Venison Chili: Providing for The Family

By: Kyle Nickel – Base Camp Country Real Estate South-East Indiana

I don’t have a proper recipe for venison chili. Not much stays the same from one batch of chili to the next. Making deer chili in our house is often a spontaneous event when my wife has to be gone for the evening and left me, unprepared, to nourish our darling heathens.

If there is a white onion in the crisper, it will go into the frying pan with the ground venison. I’m not driving to town just for a red onion, though it’s what I prefer. I like a tomato sauce base, but bloody mary mix and V8 juice have got the job done in a pinch. Things become really unpredictable when I open up the spice cabinet. Lots of chili powder, of course, but garlic or no garlic? Generous with cinnamon or just a dash? Will the youngest complain that it’s too spicy if I use cayenne pepper? Will she abandon the meat, beans, and diced tomatoes and only eat noodles if I add pasta?

The answers to these questions are always found at some intersection of creative inspiration and the practicality of what’s in the cupboard. The result is always a hearty pot of satisfaction. Each batch, my son declares, is the best chili he’s ever eaten-and his joy speaks to the one thing that does remain a constant, batch after batch.

Every time my kids compliment my chili, ask for summer sausage in their lunch box, or stand impatiently by the grill while a backstrap fills the air with its rich scent, a pride that has been around as long as fathers have had children fills me up. It is one thing to take your paycheck to the grocery store to provide for your children-and that’s a fine thing too, but to fill their bellies with the cold hours before dawn, the stiff hips of a long sit, and the back ache of being hunched over a table trimming silver skin and tendons-that is a different kind of pride, an ancient satisfaction.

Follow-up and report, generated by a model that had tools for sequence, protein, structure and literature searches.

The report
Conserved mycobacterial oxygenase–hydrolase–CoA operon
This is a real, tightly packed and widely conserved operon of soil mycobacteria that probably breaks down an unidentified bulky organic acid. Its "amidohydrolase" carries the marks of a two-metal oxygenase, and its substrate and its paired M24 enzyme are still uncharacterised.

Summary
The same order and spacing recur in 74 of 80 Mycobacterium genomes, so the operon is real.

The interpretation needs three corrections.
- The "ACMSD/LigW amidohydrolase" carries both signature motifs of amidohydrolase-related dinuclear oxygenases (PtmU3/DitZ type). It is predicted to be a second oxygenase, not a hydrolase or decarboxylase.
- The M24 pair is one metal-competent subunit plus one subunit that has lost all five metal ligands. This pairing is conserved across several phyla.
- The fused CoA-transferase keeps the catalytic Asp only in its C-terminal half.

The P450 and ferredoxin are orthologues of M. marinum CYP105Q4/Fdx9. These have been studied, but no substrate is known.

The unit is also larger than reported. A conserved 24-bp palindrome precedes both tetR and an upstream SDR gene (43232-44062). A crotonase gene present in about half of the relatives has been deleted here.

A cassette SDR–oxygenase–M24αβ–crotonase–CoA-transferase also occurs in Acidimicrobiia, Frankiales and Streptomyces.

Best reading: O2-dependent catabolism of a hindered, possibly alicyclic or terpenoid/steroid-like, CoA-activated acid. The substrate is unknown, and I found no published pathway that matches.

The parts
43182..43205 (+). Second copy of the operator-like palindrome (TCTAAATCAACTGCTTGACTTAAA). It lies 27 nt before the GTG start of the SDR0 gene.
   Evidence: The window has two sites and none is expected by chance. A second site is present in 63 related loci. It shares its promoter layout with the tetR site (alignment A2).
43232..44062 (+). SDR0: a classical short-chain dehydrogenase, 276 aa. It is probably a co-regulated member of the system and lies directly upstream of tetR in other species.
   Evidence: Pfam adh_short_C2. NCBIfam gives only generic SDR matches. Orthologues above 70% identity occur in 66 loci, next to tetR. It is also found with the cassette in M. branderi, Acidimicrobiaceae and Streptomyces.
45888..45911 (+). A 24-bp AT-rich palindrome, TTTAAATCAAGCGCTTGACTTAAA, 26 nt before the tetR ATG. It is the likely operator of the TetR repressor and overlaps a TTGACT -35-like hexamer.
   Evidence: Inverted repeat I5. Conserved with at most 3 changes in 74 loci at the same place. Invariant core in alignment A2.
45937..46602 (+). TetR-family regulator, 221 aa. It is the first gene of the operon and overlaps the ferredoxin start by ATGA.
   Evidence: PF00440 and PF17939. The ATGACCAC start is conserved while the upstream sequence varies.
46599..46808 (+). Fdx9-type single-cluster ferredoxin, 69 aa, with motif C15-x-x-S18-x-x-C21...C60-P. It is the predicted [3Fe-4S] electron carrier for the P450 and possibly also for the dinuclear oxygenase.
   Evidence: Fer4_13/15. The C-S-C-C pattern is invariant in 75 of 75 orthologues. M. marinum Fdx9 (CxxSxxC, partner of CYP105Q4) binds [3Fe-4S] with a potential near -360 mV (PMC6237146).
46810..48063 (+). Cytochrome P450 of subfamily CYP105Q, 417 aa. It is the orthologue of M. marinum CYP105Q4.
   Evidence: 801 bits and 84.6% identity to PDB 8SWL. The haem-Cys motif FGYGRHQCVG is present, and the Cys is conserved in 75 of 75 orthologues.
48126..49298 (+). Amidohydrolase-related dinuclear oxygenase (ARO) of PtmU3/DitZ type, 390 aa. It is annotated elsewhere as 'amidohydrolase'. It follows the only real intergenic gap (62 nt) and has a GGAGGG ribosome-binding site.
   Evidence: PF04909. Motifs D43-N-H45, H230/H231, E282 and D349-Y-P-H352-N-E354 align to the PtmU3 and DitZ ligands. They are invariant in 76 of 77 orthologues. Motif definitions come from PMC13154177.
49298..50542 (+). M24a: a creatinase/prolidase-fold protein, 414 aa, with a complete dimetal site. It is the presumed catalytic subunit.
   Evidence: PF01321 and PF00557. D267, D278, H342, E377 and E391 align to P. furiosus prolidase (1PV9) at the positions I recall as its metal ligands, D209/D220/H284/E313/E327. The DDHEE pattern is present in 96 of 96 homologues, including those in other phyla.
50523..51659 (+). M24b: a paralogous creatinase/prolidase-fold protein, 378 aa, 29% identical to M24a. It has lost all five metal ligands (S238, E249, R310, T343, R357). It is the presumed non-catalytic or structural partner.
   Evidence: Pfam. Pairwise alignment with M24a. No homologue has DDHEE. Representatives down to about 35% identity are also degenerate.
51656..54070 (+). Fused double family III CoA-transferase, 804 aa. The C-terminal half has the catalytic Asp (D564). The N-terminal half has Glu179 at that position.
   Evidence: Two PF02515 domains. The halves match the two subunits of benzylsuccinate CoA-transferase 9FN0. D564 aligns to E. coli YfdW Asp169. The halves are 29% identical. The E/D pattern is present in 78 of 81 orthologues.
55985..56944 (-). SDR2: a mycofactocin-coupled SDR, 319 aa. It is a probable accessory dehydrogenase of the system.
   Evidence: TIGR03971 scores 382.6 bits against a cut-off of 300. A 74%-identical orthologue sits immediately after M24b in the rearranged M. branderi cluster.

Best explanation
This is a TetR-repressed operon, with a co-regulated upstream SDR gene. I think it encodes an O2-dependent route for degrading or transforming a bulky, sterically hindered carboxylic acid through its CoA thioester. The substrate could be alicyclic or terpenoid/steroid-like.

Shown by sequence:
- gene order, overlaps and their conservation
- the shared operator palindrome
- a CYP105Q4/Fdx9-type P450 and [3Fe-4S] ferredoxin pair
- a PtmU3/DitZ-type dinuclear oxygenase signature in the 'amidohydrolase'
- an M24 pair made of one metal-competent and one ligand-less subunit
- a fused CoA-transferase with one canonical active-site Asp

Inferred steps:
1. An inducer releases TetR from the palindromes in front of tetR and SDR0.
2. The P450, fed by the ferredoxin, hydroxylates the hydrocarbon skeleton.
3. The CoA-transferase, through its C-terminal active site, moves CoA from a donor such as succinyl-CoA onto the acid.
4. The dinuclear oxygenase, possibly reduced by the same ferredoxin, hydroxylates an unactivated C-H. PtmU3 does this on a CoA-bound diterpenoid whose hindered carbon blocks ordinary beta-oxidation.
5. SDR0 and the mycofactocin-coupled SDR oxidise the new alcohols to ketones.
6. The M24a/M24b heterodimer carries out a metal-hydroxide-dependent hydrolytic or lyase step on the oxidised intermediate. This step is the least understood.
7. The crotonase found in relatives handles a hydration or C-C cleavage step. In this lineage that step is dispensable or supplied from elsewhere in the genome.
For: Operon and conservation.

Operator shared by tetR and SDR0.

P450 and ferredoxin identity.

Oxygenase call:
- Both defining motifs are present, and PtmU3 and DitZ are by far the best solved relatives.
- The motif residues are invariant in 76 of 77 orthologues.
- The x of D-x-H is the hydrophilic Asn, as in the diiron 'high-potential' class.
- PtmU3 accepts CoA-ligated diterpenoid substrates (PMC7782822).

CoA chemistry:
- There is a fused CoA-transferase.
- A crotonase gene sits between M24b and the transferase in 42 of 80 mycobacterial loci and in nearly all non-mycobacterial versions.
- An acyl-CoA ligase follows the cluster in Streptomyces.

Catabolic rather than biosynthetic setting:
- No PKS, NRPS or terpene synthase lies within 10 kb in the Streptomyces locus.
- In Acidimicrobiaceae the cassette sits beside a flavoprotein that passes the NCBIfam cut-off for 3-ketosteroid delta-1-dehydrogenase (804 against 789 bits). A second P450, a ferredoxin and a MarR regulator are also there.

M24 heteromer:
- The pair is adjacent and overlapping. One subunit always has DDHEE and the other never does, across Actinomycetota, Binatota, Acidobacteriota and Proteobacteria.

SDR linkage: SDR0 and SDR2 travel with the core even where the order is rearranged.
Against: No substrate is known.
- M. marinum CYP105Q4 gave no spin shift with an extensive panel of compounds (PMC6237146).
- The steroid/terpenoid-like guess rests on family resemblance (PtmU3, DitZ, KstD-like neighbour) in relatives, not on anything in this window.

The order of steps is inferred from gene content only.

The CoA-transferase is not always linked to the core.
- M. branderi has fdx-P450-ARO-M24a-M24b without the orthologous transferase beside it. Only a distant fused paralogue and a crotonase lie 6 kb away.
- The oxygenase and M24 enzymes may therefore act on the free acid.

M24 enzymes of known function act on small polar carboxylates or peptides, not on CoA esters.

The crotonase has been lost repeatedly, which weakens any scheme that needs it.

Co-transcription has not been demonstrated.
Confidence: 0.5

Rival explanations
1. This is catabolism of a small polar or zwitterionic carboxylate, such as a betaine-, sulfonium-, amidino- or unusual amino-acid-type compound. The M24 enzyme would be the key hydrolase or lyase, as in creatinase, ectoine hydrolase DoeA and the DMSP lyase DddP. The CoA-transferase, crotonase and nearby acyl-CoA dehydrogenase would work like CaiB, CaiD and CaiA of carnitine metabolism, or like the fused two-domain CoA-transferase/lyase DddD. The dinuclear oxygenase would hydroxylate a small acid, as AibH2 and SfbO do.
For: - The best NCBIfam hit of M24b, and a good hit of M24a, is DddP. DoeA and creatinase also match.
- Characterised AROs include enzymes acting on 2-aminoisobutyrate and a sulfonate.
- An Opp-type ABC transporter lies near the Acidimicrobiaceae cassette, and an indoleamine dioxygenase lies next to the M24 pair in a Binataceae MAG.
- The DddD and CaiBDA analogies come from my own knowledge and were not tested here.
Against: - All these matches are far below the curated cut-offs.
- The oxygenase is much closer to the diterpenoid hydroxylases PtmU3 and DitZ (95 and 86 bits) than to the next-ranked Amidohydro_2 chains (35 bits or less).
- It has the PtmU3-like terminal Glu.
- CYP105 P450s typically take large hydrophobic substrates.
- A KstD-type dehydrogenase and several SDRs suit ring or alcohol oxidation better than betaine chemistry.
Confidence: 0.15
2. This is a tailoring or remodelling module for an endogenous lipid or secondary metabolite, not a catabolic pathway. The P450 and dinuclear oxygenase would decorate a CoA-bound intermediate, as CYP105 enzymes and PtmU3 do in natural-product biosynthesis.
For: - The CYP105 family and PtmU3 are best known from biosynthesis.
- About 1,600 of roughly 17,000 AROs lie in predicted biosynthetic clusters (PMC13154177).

When I was a kid, nothing excited me more than finding an arrowhead in the creek. They were glimpses into a world I longed to be a part of. Living in the woods, hunting and fishing without threat of homework or bedtime is a common fantasy of many boys, I think. If I’m lucky enough to stumble across a piece of knapped flint now, it’s not an idealized version of primitive living that comes to mind, but that a man, a specific man with mouths to feed hunted this creek bottom just like me.

Five or six thousand years later I can hand my credit card through a drive through window and get back more food than the kids in the back seat can eat, but sometimes we sit at the kitchen table and look out the patio door to the woods from which our dinner came and that, I think, is something wonderful.

 

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Get To Know: Patrick McFadden

Get to know your West-Central Indiana Recreational & Farm Land Professional, Patrick McFadden

“I grew up on a livestock and grain farm in rural northern Tippecanoe County, Indiana. I still reside in Tippecanoe County with my wife Elaine. We have two grown children, TJ, 24 and Sylvia, 22. When I am not at work, I love to trap “critters” and hunt small game, upland birds, whitetails, and especially wild turkey. When I am not hunting, I love to chase smallmouth bass and walleye on the Tippecanoe River or just spend time in my jet boat.”

 

Continue below to read Pat’s story on hunting with his friend, Jamie.